University of Tasmania
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Epidemiology of viruses infecting hop (Humulus lupulus L.) in Australia

posted on 2023-05-26, 02:43 authored by Pethybridge, SJ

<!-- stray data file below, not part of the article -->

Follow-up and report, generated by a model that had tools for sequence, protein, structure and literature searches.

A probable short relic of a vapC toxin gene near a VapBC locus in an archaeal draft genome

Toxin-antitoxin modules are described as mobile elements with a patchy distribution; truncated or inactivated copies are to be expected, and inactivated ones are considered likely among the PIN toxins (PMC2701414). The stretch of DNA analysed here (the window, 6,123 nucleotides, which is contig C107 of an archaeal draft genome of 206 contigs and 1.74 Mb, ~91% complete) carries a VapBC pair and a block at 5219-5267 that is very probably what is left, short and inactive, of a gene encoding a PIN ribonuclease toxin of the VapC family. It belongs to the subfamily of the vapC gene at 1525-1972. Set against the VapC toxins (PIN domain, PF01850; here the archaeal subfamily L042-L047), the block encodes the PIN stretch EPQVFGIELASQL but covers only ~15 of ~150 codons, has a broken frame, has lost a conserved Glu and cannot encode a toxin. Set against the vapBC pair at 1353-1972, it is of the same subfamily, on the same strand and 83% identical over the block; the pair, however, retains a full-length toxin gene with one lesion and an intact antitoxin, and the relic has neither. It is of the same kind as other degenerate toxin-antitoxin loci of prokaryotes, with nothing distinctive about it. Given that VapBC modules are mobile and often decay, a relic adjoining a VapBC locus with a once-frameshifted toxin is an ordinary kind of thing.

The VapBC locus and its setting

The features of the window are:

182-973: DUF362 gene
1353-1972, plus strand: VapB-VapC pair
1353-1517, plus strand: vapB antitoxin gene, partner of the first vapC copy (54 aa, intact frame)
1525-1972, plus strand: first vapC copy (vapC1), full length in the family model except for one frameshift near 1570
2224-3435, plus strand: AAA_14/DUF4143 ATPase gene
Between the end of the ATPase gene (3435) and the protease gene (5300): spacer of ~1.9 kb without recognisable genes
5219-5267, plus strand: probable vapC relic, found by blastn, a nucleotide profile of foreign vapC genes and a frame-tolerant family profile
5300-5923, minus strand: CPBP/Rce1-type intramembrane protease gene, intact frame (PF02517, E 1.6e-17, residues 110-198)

Significant differences in virus incidence were consistently demonstrated between cultivars. 'Victoria' gardens planted with elite (virus-tested) material became almost totally re-infected with PNRSV within eight years. Mechanical inoculation of PNRSV into a range of hop cultivars suggested ' Victoria' was more susceptible than traditional ones. In contrast, the spread rate of HpL V, HpMV, and PNRSV was consistently slower in 'Opal' gardens, and this was found to be the most field resistant cultivar to infection by all three viruses. PNRSV was detected by double antibody sandwich enzyme-linked immunosorbent assay (DAS-ELISA) in chronically infected ' Victoria' plants throughout the growing season. Testing of a range of tissues from 'Victoria' plants suggested a symmetrical distribution ofPNRSV within the plant. Similar testing of 'Nugget', 'Pride of Ringwood', and 'Opal' plants suggested an asymmetrical distribution of PNRSV within the plant. The longer period of elevated virus levels in all tissues in 'Victoria' may increase the probability of virus transmission and be responsible for the accelerated transmission of PNRSV in this cultivar. The asymmetric virus distribution in 'Nugget', 'Pride of Ringwood', and 'Opal' suggested that accurate virus testing relies upon sampling from several hines from each string. Spatial analysis of PNRSV epidemics by ordinary run and radial correlation analyses in 'Victoria' gardens in Myrtleford, Victoria and Bushy Park, Tasmania associated PNRSV transmission with mechanical mowing of basal growth. Transmission was reduced in field trials by preventing basal growth contact between infected and virus-free plants 5 along rows early in the season. This demonstrated that plant contact early in the season increases the probability of transmitting PNRSV to virus-free plants by decreasing the distance infective virions have to travel to infect new plants. Glasshouse trials also confirmed PNRSV to be transmitted by contact and simulated slashing between infected and virus-free plants. Root grafting was also successful at transmitting PNRSV between infected and virus-free plants. The presence of root grafts in Tasmanian hop gardens was suggested by injection of the translocatable herbicide marker, glyphosate. However, quantifi cation of the extent to which root grafts contribute to transmission of all three viruses requires further work. Spatial analysis of carl avirus epidemics showed different distributions between 'Victoria' gardens in Myrtleford and Bushy Park. Random distributions of both HpL V and HpMV at Myrtleford suggested transmission by alatae aphid vectors. Autocorrelated along row distributions of both viruses at Bushy Park suggested transmission by either mechanical transmission through basal growth mowing, and/or aphid vectors (alatae or apterous) directed along rows from basal growth bridges formed through basal growth mowing between rows. A significant positive association between HpLV and HpMV was consistently demonstrated in several cultivars. This may suggest transmission by common aphid vector species, transencapsidation, or the possibility that infection by one virus makes the plant more susceptible to infection by the other. 6 In most hop cultivars grown in Australia the slow rate of virus transmission and significant effect of some viruses on yield of cones and levels of brewing organic acids suggested the continued use of a virus certification scheme for planting stock is warranted. However, in 'Victoria', the usefulness of certification schemes is uncertain because of the rapid spread ofviruses in this cultivar and its tolerance to infection.


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